American Society For Nutrition

Confessions of a Dietetic Intern

Confessions of a Dietetic Intern

Excellence in Nutrition Research and Practice
Posted on 07/23/2010 at 05:29:05 PM by Student Blogger
By: Emily C.

By the time this post is published, I will have finished my dietetic internship or the 1200 hour practicum that is required to sit for the examination to become a registered dietitian. Since I have been fortunate to experience both the research and clinical sides of nutrition, I thought I'd share some of my reflections from the past 10 months.

Nutrition research should be fueled by passion for people. It was really exciting to see nutrition research translated into clinical practice and a good reminder of why we research…not for accolades or recognition but to improve nutrition-based treatment and better the lives of others through our findings.


Working in a nutrition field requires constant learning. Part of my internship included learning about sustainability and growing produce to support SLU's local-food focused cafe, Fresh Gatherings. I also taught nutrition education lessons to public school children in the St. Louis area, which always included a garden component. Let's just say I have a black thumb, and this was quite a challenge for me.


Nutrition is an art. Sometimes we get caught up in subject number and statistical significance, but we must be able to take our research findings and translate them into an accessible form for the general public. We're constantly bombarded with mixed messages from the media, and it's our responsibility as dietitians and nutrition professionals to creatively promote and clarify evidence-based information.


It always helps to see things from someone else's perspective. This photo was taken during geriatric day, where we each assumed a physical limitation characteristic of the elderly while eating lunch. Taking a different point of view increases understanding in both research and clinical practice.  After you've eaten your entire lunch blindfolded, you start to understand why the elderly with vision problems are at nutritional risk.


Your colleagues are your allies. The dietitian network is incredibly intertwined and close-knit. Collaboration with other nutrition professionals is invaluable; I cannot tell you how many times I worked with dietitians to collectively find an answer to a nutrition-related problem. In addition, I formed friendships with the 33 other dietetic interns who will soon become my colleagues in the nutrition field [yes, our shirts do say fiber, it moves us]!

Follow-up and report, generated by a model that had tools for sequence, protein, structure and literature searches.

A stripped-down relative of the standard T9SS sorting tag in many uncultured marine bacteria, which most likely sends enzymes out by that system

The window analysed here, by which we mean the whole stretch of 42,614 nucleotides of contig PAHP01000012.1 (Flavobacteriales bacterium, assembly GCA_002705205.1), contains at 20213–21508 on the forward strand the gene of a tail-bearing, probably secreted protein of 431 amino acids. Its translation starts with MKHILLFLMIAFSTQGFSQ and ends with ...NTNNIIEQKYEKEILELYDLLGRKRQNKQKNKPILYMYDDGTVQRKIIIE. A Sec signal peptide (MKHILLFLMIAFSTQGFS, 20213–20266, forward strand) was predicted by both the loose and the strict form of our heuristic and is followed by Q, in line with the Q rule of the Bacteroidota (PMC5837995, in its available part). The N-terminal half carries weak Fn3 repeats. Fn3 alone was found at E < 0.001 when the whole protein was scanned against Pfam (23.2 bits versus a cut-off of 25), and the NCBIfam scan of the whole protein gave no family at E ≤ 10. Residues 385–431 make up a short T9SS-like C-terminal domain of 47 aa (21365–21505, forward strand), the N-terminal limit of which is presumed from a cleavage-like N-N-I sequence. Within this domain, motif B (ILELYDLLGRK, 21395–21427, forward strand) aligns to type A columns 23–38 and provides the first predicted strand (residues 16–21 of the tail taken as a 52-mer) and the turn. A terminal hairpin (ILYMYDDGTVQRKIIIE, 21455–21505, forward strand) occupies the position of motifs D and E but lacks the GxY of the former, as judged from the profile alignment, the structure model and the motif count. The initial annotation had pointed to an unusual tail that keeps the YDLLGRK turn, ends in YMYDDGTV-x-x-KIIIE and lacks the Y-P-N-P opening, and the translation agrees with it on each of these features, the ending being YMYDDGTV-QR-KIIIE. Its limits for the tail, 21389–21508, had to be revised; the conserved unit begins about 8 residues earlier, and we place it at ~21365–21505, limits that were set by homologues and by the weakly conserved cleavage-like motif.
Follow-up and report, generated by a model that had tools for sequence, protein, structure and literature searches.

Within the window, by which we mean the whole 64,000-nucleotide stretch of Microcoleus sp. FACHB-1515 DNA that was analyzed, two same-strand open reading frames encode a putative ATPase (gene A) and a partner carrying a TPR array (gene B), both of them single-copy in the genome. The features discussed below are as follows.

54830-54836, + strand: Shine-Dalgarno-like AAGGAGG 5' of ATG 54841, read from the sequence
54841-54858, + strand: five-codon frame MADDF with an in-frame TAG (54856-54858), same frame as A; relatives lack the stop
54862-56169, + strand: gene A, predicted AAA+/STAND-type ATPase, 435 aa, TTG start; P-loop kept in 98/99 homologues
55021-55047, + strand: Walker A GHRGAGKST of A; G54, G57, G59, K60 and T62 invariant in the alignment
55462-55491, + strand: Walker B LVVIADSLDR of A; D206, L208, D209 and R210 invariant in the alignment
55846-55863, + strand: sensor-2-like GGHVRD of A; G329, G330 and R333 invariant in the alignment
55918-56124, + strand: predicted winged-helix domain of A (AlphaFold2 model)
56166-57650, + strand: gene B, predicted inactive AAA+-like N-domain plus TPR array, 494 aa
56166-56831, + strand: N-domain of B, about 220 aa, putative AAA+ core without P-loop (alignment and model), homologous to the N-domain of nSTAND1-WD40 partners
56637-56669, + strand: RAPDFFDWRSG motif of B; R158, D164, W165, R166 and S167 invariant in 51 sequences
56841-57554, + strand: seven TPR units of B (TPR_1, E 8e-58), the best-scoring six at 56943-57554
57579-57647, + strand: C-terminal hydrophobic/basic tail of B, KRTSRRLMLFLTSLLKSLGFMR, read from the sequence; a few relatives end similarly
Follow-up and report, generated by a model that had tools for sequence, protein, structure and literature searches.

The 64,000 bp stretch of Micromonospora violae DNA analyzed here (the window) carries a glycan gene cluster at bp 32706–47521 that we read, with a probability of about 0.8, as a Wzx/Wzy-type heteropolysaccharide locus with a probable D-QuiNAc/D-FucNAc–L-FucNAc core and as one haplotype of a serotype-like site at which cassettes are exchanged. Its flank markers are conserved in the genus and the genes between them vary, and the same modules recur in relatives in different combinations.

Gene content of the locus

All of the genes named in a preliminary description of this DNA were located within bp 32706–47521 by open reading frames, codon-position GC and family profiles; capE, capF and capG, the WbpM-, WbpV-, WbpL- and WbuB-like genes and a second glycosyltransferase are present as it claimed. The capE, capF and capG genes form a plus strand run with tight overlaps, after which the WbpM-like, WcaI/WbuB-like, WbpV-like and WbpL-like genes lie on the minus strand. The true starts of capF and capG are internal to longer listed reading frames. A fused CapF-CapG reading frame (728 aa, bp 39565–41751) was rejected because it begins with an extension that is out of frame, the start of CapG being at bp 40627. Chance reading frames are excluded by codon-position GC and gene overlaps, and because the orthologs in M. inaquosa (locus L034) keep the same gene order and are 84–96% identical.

Throughout my time as a dietetic intern and experience in nutrition research, I have come to appreciate the “why” behind our current recommendations and become increasingly passionate about the “who” or the people in need of improvement in nutritional status. To me, nutrition research and application through clinical practice are of equal importance, and no matter what focus I choose when I graduate, I'm incredibly humbled and honored to have been a part of both.

Emily, I love reading your blog entries. Congratulations on completing this part of your adventure.

Posted Jul 26, 2010 3:16 PM by Laurie

Your comments about being able to effectively care for and communicate your findings to your audience rings true in all life. ' People don't care what you know until they know that you care'. Congratulations on finishing your internship and becoming a RD!

Posted Jul 26, 2010 6:05 PM by Nancy Baker

Congratulations, Emily. You have had a couple of intense years. I hope you are able to relax and enjoy this time while you are looking for the next chapter of life to unfold. Your blindfolded lunch reminded me of one of my favorite quotes -"a change of perspective is worth 40 IQ points". Take care.

Posted Jul 28, 2010 9:42 AM by Paula

Congrats on completing your internship! I enjoyed your blog post.

Congratulations on your achievements. Nutrition is truly undervalued in the US presently.

Emily, again, sincere congrats. What wonderful insights-ones that I am striving to understand and appreciate myself. I like what you say about nutrition as an art, a field of science that must be creatively applied to daily living. I also like what you mentioned about true motivation for nutrition research. thank you.

Congratulation Emily, two thumbs up for you. We need so many people like you, north America is becoming a shame when it comes to nutrition. Your mission is to communicate your knowledge to as many peoples as you can. Its just the begining of your journey.

Your passion for the work and the good it will provide to all the lives you will touch is laudable. I wish you well in your career. That you've already discovered the value of seeing things with someone else's perspective is a sign you're ahead of the game already. Good luck.